Ceadda or Chad (d.672) was the first bishop of the newly converted kingdom of Mercia, and made his seat at Lichfield. No major customs seem to have been attached to his feast day, although there were a number of churches dedicated to his name, and he achieved lasting fame in the sphere of medicinal wells. A number of wells with a healing reputation bore his name, including one in Lichfield which was claimed in the eighteenth century to be the very one in which the saint himself had bathed. A more famous one in Gray’s Inn Road, near King’s Cross, London, developed into a popular spa and then a pleasure garden; it lasted until 1860, when it was swept away during the building of the Metropolitan Railway.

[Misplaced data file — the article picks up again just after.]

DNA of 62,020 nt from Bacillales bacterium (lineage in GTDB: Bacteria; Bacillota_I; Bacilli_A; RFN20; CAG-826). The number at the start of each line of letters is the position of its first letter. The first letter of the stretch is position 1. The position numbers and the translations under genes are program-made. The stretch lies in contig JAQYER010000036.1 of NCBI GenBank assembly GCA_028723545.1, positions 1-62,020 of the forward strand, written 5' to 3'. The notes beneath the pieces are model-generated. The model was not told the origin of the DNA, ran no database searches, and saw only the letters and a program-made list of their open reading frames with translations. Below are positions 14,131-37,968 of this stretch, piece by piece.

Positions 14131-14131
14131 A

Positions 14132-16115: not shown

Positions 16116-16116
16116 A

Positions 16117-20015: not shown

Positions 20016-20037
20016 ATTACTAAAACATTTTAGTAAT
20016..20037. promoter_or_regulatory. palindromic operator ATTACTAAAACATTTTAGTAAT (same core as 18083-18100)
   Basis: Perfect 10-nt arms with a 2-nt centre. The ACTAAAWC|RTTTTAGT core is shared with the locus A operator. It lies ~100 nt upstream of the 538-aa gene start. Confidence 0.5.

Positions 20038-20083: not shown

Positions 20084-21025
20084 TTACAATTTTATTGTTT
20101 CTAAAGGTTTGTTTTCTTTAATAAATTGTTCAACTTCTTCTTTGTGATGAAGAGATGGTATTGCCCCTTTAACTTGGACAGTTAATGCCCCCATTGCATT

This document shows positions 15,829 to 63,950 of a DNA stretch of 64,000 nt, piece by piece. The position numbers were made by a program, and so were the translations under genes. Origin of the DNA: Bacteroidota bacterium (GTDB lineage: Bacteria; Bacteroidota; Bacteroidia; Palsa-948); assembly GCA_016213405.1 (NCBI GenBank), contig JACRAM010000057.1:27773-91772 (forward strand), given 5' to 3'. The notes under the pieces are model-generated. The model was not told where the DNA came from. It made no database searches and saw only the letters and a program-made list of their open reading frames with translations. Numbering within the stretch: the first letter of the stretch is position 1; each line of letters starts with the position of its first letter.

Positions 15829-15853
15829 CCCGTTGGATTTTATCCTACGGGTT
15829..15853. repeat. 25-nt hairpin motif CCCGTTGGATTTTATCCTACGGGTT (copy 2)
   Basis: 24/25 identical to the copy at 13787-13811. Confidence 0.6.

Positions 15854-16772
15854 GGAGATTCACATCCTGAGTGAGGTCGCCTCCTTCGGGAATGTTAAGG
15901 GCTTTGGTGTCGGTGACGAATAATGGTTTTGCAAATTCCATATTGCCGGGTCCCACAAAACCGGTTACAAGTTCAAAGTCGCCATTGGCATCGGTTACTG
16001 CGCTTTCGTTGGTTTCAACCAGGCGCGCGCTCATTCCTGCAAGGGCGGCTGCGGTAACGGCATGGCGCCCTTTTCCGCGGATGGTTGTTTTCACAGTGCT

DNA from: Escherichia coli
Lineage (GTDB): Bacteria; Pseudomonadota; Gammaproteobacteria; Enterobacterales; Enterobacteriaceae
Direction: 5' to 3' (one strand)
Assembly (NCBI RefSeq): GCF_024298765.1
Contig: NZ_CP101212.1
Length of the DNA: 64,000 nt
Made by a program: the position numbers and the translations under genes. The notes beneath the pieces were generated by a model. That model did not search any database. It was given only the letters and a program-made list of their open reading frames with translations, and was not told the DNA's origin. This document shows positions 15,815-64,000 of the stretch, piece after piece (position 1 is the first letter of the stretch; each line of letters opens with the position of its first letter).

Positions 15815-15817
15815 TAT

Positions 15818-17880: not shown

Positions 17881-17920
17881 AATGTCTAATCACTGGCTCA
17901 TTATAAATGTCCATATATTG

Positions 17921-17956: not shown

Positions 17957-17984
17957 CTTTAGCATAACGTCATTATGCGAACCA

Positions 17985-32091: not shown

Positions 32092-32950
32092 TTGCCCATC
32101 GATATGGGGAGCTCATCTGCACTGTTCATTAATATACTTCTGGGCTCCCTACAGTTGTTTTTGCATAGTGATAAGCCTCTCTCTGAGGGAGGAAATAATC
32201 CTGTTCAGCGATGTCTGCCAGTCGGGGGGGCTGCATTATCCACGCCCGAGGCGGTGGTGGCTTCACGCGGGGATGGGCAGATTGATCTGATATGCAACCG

According to the Venerable Bede, Chad’s reputation for healing emerged immediately after his death, and his first wooden shrine had an aperture into which the devotee could put their hands to gather pinches of dust to drop into water in order to make medicinal drinks for sick men and beasts.
[©Steve Roud: The English Year. penguin. 2006]